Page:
EQUINOX - We are now past that seasonal balancing point. The days are gradually, yet steadily, getting shorter, and the nights longer, as we slip towards winter. I wouldn’t dare guess what this winter holds for us but I do know that everything has changed. We can’t trust any o the old “markers” (there is no more “average”). Maybe once upon a time you could depend on the Wooly Bear caterpillar or the length of horses coats, but no more. Even the Farmer’s Almanac gave up on the old method that was based on seasonal averages, depending themselves now on the National Weather Service for reliable guidance. Who knows? Maybe we’ll get a chance to dry out and the leaves will color nicely (always the optimist here).


FOREST AND MOUNTAIN CHANGES - From the Balsam-capped peaks of the High Catskills to the Southern Hardwood Forest of the Beaverkill, Esopus, Little Beaverkill and Sawkill Valleys, those creatures who aren’t going south for the winter are busily preparing for the ensuing cold and darkness. As we humans are splitting and stacking firewood in preparation for winter, many of the wilder sort are busily storing food, whether a White-tail Deer, Wild Turkey or Black Bear eating Beech-nuts, Hickory-nuts or acorns to put on winter-weight for the difficult days ahead or Chipmunks, Grey and Red Squirrels gathering and stashing the same mast for later use - it’s a busy time. Birdseed is like candy to Ursus Major and therefore it is best to not hang out bird-feeders until bears have bedded for their winter nap (later and later in recent years). The general rule is when (and if) we have a long period of cold and darkness. Just to be sure, check with the DEC.

WHAT IT ALL MEANS - Though I love Fall, the passing of Summer is bittersweet. No more days of endless light. No more Dragonflies, Fireflies, Hummingbirds and Monarchs. No more cacophony of bird and cricket chorus. The time is past when we were inundated, overwhelmed even, with every life-form - overhead, in our face and underfoot - aptly symbolized by the very thickness of humid Summer air. No more sandals, shorts and tank-tops and even then feeling overdressed. But that’s the great thing about the four seasons - one barely gets a chance to get tired of one season before another comes along. I’ll adapt - I always do. I put my straw hat away and broke out my heavier Stetson and it feels good already, same as getting used to keeping a jacket or vest handy. Still, this is such a dynamic, transitional time here that it is best to dress in layers - even October can be warm. The Great Wheel of the Year is turning, friends and the seasons roll on. As I’ve mentioned, there is so much - both good and bad - going on in our world - locally and world-wide - that sometimes it feels like its all hard to keep up with. Part of this, of course, may be that we are all constantly flooded with information - perhaps too much so. Yet I believe that we all have to persist in our drive to be informed, to do the right things, to work hard to fix what is broken and to forge ahead to make the world a better place for ourselves, our kids, our grandchildren and those yet to come. After all - it’s up to us to make the world a better place - nobody is going to do it for us - and I believe we can. Thank you all. Please have an enjoyable and safe Fall (?).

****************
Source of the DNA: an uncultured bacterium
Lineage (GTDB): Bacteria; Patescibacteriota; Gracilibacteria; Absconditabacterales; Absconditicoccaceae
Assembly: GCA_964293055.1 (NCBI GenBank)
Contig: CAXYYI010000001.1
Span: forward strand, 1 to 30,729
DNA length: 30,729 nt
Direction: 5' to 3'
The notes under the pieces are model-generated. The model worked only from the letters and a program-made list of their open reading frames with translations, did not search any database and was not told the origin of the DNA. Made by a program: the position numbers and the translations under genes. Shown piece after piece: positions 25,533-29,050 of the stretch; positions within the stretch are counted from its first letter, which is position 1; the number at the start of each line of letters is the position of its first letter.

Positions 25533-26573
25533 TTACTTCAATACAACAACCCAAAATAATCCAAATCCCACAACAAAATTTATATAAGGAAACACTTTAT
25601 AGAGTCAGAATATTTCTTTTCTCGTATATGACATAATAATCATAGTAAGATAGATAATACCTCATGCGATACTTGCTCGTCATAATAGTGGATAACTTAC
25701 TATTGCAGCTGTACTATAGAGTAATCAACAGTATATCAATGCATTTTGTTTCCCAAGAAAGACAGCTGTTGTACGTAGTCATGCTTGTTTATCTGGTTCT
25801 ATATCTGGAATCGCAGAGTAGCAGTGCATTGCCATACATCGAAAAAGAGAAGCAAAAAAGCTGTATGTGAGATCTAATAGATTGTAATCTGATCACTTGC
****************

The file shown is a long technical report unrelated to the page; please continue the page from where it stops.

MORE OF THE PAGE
Take Care,

“Ranger” Dave Holden

(845)594-4863

woodstocktrails@gmail.com

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rangerdaveholden on Instagram

www.woodstocknytrails.com